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Tag Archives: climate change and security
Under both Republican and Democratic Administrations, senior U.S. military, national security and foreign policy leaders have recognized the security risks of climate change, and urged a response that is commensurate to the threat. In this context, The Center for Climate and Security has created a new page, On The Record, on its Climate Security 101 Project website compiling key statements on the issue from current and past military, national security and foreign policy leaders. This is not a complete list, but it is a good reminder that climate change is far more than just an environmental concern. (more…)
The Center for Climate and Security, in partnership with the Center for the National Interest and the George Washington University’s Elliott School of International Affairs, hosted the first annual Climate and National Security Forum on September 14, 2016 from 8:45am-6:30pm ET. The Forum was held in Washington, DC at the Reserve Officers Association Minuteman Memorial Building, 1 Constitution Ave NE.
“Are conventional notions of national security broad enough to accommodate the evolving global risks and trends?”
“Will Americans support more frequent military interventions across conflict ridden and resource-stressed regions?”
These were just a few of the questions fielded by former Deputy Undersecretary of Defense, Ms.Sherri Goodman and retired Commander, and Senior Research Fellow at the Center for Climate and Security, Oliver Barrett, at a Yale University-hosted event on 28 March. The event entitled ‘Decoding Climate Risk’ was the latest expert and distinguished speaker event hosted by Yale and focused on “decoding” the reasons why the Pentagon treats climate change as a strategic risk requiring immediate action. (more…)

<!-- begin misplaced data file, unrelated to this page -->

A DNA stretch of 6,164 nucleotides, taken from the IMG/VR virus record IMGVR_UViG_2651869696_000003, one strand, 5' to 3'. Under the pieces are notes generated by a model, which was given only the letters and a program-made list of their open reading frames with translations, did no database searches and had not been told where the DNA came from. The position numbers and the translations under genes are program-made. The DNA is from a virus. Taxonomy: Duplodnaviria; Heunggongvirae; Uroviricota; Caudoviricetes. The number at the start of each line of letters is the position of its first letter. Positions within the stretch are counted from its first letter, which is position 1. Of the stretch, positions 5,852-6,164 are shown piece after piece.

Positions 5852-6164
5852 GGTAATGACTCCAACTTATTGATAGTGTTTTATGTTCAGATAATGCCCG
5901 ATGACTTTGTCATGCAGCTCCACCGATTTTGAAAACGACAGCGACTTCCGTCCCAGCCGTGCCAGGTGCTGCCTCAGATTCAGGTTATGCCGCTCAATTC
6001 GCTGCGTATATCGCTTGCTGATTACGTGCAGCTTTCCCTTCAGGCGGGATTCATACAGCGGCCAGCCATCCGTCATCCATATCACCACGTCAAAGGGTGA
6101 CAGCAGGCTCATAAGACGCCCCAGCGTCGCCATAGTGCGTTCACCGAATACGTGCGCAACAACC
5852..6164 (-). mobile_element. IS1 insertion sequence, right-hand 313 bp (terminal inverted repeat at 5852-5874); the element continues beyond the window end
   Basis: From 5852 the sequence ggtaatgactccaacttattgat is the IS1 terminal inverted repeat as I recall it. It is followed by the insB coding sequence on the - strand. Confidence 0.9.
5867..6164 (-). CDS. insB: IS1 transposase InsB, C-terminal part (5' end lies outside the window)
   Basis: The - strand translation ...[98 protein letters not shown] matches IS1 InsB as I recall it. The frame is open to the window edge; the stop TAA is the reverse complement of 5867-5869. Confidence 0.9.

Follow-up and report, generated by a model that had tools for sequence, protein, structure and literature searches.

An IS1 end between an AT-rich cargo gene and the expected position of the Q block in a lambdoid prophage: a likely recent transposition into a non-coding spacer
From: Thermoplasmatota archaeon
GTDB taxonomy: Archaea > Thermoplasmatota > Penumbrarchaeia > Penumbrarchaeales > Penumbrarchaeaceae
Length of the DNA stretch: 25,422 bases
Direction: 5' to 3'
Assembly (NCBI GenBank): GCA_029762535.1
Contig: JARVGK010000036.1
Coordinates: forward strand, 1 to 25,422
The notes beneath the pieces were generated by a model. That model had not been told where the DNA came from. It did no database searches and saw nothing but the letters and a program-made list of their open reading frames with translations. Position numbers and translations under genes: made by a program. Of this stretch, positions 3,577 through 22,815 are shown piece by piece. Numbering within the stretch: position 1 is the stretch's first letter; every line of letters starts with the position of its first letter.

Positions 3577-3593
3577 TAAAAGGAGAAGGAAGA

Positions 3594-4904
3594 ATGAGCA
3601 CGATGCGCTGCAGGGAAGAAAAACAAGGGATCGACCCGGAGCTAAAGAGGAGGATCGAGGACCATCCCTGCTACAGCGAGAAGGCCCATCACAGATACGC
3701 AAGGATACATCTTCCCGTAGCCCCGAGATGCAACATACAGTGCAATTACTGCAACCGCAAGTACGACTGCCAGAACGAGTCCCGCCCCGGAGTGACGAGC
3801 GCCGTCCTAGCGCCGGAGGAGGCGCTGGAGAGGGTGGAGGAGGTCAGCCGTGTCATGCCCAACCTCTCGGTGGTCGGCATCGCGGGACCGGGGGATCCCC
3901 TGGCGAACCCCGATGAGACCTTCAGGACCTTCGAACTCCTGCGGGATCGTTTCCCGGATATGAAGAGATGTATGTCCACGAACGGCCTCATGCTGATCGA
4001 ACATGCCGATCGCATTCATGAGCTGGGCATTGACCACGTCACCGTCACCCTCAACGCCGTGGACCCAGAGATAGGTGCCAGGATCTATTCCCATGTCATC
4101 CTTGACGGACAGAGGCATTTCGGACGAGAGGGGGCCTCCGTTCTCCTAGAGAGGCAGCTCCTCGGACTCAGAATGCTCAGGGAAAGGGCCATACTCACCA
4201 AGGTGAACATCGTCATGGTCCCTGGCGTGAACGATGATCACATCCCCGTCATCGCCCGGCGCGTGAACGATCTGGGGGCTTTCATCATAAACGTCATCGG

The Center for Climate and Security is honored to welcome Admiral Sam J. Locklear, United States Navy (Retired), to its distinguished Advisory Board of senior military, national security and foreign policy experts. Admiral Locklear recently retired from the US Navy after serving with distinction for over 39 years, including 15 years of service as a Flag Officer. During his significant tenure as a four star, Admiral Locklear lead at the highest levels serving as Commander U.S. Pacific Command, Commander U.S. Naval Forces Europe and Africa, and Commander of NATO’s Allied Joint Force Command.
As Commander U.S. Pacific Command, the United States’ oldest and largest geographic unified combatant command, he commanded all U.S. military forces operating across more than half the globe. He accurately assessed the rapidly changing geopolitical environment of the Indo-Asia-Pacific, the most militarized area of the world, made significant advancements in how U.S. forces are postured for crisis or contingency, and was instrumental in addressing the growing global cyber challenges in the region. A key architect of America’s rebalance to the Asia-Pacific, Admiral Locklear provided the vision, strategic framework, and detailed planning that began the rebalance of U.S. military influence to the Asia-Pacific. He skillfully managed the US military relationships with our five Pacific treaty allies, numerous key security partners, and emerging multilateral security forums. Additionally, he maintained a pragmatic but lasting relationship with China’s military and made significant progress in developing a deeper strategic security relationship with India. (more…)